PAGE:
Bourne went off to the orderly-room. The main street of Philosophe was at right angles to the road from Mazingarbe to Vermelles, and at the end of it was another street, roughly parallel to the road, the orderly-room being in the third house down on the left. The village was practically undamaged by shellfire, but it was a dour, unlovely place. One or two families remained there, and children either belonging to them, or to Mazingarbe, which was not far away, passed up and down the street with large baskets on their arms at intervals through the day, shouting, “Engleesh pancakes, Engleesh pancakes,” with a curious note of melancholy or boredom in their high-pitched voices.

Bourne, quite inadvertently, had improved his position in the orderly-room. The colour-sergeant, with his usual irony, had referred to the possibility of making him a permanent member of the orderly-room staff, and Bourne had replied with great firmness that he would prefer to go back to his company. As they saw at once that he really meant it, they became more friendly. While he and the lance-corporal unpacked the boxes, he asked for the notebooks and pencils which Sergeant-Major Robinson wanted, and got them without any difficulty. When he and the lance-corporal went for their dinners, he took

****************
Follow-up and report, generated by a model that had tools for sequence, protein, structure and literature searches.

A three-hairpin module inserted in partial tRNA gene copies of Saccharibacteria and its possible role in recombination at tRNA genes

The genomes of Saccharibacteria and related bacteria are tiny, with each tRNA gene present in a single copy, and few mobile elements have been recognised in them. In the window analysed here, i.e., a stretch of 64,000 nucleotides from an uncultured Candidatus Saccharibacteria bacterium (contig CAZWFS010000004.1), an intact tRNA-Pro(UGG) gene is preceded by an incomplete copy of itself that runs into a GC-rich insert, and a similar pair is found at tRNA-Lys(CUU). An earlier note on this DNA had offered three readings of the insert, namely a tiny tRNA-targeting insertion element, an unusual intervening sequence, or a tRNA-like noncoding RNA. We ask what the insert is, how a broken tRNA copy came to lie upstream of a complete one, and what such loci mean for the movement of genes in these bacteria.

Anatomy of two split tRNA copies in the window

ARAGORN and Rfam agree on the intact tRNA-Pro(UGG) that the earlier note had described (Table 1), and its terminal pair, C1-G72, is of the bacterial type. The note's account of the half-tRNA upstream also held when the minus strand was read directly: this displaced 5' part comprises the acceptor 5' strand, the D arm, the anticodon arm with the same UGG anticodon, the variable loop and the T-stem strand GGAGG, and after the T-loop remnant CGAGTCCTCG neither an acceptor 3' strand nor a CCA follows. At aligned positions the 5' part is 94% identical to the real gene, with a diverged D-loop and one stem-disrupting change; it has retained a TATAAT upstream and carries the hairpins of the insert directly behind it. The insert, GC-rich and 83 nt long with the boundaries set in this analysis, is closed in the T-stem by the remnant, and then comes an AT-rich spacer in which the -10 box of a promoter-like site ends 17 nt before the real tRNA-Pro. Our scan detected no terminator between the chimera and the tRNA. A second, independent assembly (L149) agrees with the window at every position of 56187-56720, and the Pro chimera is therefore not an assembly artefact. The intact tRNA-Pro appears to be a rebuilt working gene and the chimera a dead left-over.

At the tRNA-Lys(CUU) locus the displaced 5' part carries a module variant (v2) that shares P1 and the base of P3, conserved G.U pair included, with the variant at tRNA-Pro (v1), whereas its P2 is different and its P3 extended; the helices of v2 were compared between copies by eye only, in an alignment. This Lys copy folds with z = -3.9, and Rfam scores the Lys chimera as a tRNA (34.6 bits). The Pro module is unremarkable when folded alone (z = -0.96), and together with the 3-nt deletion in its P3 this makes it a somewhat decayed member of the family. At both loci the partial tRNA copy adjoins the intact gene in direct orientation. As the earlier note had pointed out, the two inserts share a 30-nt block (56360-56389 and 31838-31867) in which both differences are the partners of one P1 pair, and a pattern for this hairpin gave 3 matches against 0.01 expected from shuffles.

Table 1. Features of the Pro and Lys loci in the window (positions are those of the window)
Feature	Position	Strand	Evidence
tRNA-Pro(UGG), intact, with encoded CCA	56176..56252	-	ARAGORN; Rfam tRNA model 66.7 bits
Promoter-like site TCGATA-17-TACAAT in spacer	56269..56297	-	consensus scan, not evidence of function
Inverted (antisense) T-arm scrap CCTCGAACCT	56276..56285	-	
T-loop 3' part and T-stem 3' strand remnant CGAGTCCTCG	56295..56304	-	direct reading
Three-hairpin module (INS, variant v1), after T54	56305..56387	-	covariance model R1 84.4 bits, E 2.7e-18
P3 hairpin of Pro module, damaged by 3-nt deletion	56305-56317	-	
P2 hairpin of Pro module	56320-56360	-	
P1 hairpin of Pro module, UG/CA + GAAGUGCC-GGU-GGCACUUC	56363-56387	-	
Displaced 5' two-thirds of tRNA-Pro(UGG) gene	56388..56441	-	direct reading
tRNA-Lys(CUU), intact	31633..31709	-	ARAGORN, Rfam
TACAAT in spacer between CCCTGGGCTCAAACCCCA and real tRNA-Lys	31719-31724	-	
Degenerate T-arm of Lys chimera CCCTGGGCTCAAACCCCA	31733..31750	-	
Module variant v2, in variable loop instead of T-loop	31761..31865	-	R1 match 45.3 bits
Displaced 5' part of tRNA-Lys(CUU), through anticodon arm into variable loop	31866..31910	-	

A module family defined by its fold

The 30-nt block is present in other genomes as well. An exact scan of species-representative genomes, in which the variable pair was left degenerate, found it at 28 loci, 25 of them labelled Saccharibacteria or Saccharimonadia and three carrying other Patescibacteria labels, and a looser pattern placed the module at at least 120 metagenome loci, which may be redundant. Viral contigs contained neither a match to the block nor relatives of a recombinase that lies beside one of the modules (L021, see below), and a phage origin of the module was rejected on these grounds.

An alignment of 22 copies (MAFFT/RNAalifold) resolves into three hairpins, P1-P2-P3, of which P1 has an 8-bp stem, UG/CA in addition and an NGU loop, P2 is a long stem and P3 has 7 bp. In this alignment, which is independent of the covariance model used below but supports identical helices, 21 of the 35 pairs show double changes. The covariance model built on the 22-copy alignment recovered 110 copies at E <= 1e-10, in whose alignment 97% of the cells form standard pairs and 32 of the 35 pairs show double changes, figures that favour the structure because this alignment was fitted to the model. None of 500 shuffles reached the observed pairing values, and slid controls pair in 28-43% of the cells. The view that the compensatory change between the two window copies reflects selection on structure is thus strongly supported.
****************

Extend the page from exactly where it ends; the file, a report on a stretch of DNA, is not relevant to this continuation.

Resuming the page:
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them to the sergeant-major, with whom were Sergeant Tozer and the quarter-bloke.

“You're bloody lucky to be in the orderly-room for a spell,” the sergeant-major told him. “The C.O. thinks the men have got slack, and says that all time available must be spent in drill. Company-guards as well as headquarter-guard are to parade outside the orderly-room for inspection at eleven o'clock every morning; an' I suppose there'll be working-parties up the line every bloody night. How do you like Captain Havelock in th' orderly-room? The men call him Janey. Saw him walking over to Brigade with the C.O. a few minutes ago. Brigade's at Le Brèbis. Captain Malet's coming back to the company in a few days. We're going to spend most of our time carrying bloody gas-cylinders up Potsdam Alley: that's what I heard anyway.”